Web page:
New Zealand coach Gary Stead Tuesday called for the ICC World Cup rules to be reviewed, saying the feeling is “very, very hollow” after England beat it on a bizarre technicality in the showpiece’ final.
Both finalists could not be separated at the end of regular play as well as the Super Over, but England was crowned champions because it had a superior boundary count.
“It’s a very, very hollow feeling that you can play 100 overs and score the same amount of runs and still lose the game, but that’s the technicalities of sport,” Stead told reporters.
Hailed by many as the greatest game in the history of one-day internationals, New Zealand was left to rue the boundary count rule a few minutes after a fortuitous, last-over overthrow came to England’s rescue.
“There’s going to be many things they look at over the whole tournament -- I’m sure when they were writing the rules they never expected a World Cup final to happen like that.
“I’m sure it’ll be reviewed (and) there’s many different ways that they’ll probably explore.”
The Black Caps coach shrugged off suggestions England had been mistakenly handed an extra run after a throw from the deep hit the bat of a diving Ben Stokes’ and rolled past the boundary rope in the final over of regular play.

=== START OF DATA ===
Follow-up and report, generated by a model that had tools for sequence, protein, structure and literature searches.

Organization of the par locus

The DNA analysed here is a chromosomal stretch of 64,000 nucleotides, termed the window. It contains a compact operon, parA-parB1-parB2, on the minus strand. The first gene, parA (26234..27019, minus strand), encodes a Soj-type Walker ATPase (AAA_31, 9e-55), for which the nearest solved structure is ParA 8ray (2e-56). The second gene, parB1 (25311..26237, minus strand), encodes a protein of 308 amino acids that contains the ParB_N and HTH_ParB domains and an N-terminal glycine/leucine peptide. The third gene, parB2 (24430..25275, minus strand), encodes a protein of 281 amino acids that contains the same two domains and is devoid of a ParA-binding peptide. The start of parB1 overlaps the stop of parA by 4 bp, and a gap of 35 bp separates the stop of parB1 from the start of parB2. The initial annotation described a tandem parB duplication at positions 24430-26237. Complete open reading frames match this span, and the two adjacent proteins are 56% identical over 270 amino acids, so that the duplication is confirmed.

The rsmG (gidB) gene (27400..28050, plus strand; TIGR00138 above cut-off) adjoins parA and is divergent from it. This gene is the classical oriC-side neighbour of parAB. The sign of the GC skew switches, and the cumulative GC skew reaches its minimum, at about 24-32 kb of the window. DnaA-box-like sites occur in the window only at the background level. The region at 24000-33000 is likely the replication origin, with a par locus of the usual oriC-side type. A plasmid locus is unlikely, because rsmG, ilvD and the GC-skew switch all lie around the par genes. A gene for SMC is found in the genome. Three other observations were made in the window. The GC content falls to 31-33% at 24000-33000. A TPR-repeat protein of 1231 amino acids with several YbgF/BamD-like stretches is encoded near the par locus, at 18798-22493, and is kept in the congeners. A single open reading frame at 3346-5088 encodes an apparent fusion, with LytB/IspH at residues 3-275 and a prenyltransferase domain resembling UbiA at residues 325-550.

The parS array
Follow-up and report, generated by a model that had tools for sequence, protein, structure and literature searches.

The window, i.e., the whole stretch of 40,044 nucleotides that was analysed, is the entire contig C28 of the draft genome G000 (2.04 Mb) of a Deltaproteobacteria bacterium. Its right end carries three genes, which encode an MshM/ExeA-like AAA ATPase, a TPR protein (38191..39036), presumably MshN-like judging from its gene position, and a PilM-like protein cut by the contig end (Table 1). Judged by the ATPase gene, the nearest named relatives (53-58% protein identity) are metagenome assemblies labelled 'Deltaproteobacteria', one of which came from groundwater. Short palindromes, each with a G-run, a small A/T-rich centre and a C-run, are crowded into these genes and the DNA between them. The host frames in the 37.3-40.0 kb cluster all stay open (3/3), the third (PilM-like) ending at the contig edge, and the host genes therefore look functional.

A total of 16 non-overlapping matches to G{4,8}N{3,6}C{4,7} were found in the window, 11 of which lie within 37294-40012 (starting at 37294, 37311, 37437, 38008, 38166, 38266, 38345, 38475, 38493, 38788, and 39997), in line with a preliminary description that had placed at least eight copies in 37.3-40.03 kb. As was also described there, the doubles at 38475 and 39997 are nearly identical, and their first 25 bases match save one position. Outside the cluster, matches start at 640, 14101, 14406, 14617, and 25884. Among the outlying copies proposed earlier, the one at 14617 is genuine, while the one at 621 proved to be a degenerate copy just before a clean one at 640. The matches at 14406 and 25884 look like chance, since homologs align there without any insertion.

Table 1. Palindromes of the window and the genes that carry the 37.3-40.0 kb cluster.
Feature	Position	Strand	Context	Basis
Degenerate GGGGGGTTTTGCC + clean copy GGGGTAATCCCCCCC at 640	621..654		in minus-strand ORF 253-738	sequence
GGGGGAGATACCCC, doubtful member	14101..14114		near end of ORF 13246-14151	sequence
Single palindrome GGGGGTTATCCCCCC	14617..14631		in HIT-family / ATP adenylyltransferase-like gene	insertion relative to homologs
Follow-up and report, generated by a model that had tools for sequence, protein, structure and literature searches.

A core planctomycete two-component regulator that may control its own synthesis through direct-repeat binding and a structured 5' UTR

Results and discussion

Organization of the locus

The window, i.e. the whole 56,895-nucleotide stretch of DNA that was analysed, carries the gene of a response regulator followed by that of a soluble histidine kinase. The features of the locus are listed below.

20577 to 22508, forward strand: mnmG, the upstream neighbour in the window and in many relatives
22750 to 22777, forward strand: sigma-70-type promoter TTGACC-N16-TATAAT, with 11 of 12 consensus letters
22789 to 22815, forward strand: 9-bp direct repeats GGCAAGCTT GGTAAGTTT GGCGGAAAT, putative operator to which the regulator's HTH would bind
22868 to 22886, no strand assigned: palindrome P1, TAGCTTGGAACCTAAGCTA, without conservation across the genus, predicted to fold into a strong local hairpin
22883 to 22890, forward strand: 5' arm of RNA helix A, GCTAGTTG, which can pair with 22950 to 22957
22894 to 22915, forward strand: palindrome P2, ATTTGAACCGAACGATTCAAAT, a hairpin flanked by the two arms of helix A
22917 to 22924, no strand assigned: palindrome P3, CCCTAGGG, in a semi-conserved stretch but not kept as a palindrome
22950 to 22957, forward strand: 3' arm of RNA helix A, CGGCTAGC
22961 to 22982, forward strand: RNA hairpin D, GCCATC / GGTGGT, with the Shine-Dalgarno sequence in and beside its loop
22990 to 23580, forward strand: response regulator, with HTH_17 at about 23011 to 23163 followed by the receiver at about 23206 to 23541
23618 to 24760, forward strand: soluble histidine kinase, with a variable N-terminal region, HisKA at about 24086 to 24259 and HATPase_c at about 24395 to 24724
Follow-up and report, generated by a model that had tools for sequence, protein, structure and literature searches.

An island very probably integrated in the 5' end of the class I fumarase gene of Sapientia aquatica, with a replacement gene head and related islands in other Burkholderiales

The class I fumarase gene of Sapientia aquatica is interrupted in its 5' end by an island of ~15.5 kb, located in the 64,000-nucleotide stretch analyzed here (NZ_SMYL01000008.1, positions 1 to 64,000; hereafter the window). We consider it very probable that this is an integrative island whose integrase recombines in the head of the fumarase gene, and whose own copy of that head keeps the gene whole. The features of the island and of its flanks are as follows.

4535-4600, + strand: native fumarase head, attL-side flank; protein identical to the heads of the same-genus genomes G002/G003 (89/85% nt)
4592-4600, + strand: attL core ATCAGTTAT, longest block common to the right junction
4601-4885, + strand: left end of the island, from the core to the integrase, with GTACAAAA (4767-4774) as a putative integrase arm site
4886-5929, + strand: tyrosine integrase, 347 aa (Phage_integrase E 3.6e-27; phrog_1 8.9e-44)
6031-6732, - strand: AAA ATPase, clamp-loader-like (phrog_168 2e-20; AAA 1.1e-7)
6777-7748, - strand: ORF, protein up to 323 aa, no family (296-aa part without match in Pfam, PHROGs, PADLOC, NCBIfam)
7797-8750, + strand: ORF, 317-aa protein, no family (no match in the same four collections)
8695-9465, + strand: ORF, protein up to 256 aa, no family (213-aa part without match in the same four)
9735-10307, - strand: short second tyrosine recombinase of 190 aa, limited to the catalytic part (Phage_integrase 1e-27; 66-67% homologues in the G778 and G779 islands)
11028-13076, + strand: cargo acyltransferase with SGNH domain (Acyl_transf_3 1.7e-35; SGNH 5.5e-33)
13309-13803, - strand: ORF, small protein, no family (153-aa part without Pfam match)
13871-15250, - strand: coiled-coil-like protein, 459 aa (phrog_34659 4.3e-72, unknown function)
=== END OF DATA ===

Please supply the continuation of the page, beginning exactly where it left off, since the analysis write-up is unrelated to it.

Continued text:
England was awarded six runs but former umpire Simon Taufel said it should only have got five as the batsmen had not crossed for their second run when the throw was made.
“I didn’t actually know that. But at the end of the day the umpires are there to rule.
“They’re human as well, like players, and sometimes there’s a mistake but that’s just the human aspect of sport.”
- Sharing the trophy -
Asked during a media interaction at the team hotel whether he would have preferred New Zealand being declared joint winners, Stead was open to the suggestion.
“Perhaps when you play over a seven—week period and can’t be separated on the final day, that is something should be considered as well,” ESPNcricinfo quoted Stead as saying. “But again that’s one consideration over a whole lot of things that went on over the World Cup. Everything will be reviewed, and I think that it’s a good time to do it now. But probably just let the dust settle for a while.”
However, Craig McMillan, New Zealand’s batting coach believed that sharing the trophy would have been the “right thing” to do.
“It is not going to change yesterday’s result. But what is probably fair to say at the end of seven weeks in a big tournament like this, when you have two teams can’t be separated after a 50—over match and then a Super Over and neither team did actually lose in many ways in terms of runs scored,” said McMillan.
“Then perhaps sharing the trophy would be the right thing to do. It wasn’t to be yesterday, which we all are disappointed with. But it is sport and those were the rules.”
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